Chart showing signs and symptoms of Legionnaires disease

Symptoms of Legionnaire's Disease

Legionnaire's disease commonly develops 2-10 days after a person is exposed to legionella bacteria. The disease frequently starts with signs and symptoms which include the following:

By the 2nd or 3rd day, a person with the disease will develop additional signs and symptoms. These signs and symptoms may include:

While Legionnaire's disease mainly affects a person's lungs, it occasionally may cause infections in wounds or other parts of a person's body, to include their heart. A mild form of Legionnaire's disease known as Pontiac Fever might cause signs and symptoms that include chills, fever, and muscle aches. Pontiac fever does not infect a person's lungs and the symptoms often times clear with 2-5 days.

Causes of Legionnaire's Disease

The bacterium, 'Legionella pneumophila,' is responsible for the majority of instances of Legionnaire's disease. Outside, legionella bacteria have the ability to survive in water and soil, yet rarely cause infections. Inside, legionella bacteria have the ability to multiply in all kinds of water system to include air conditioners, hot tubs and mist sprayers in grocery store produce departments. While it is possible to contract Legionnaire's disease from home plumbing systems, the majority of outbreaks have happened in larger buildings - maybe because complex systems permit the bacteria to grow and spread more easily.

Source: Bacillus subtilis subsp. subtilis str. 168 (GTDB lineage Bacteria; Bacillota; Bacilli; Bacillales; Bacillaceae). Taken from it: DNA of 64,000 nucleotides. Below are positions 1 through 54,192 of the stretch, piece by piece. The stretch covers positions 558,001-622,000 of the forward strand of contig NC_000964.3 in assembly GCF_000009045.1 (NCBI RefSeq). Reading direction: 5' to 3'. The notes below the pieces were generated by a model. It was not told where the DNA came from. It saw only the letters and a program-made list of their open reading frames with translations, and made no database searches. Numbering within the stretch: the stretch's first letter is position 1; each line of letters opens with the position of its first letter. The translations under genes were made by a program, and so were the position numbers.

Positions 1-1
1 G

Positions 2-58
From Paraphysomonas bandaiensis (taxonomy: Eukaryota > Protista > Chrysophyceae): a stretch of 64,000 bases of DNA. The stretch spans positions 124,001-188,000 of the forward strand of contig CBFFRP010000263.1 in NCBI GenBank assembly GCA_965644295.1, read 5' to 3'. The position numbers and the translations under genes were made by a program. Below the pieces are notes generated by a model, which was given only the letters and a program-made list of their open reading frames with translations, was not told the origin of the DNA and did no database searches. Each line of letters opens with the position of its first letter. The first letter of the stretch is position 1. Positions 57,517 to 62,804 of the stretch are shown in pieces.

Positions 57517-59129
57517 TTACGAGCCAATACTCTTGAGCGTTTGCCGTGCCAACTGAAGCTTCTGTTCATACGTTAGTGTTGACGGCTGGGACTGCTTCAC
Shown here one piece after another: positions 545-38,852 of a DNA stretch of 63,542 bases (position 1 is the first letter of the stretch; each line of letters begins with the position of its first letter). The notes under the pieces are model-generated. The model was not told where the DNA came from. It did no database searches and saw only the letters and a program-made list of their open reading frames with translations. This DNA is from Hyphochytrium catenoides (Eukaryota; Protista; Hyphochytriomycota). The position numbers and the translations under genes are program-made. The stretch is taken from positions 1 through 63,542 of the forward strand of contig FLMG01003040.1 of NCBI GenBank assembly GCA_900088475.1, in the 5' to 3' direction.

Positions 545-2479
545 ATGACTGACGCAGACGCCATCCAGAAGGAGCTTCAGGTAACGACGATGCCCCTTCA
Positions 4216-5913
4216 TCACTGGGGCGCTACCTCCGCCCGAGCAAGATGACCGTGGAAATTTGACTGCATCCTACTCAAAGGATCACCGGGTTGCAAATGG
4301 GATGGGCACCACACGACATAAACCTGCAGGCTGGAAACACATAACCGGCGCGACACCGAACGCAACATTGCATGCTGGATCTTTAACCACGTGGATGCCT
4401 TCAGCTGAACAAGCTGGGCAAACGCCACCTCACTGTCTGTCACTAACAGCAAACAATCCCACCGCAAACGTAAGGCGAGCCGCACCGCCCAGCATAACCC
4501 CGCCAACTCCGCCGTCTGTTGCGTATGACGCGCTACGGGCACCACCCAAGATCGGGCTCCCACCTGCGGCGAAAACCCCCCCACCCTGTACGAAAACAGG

Most people become infected when they breathe in microscopic water droplets that contain legionella bacteria. The water droplets may come from a faucet, shower, whirlpool, or water dispersed through the ventilation system of a large building. Outbreaks of the infection have been linked to a number of sources such as: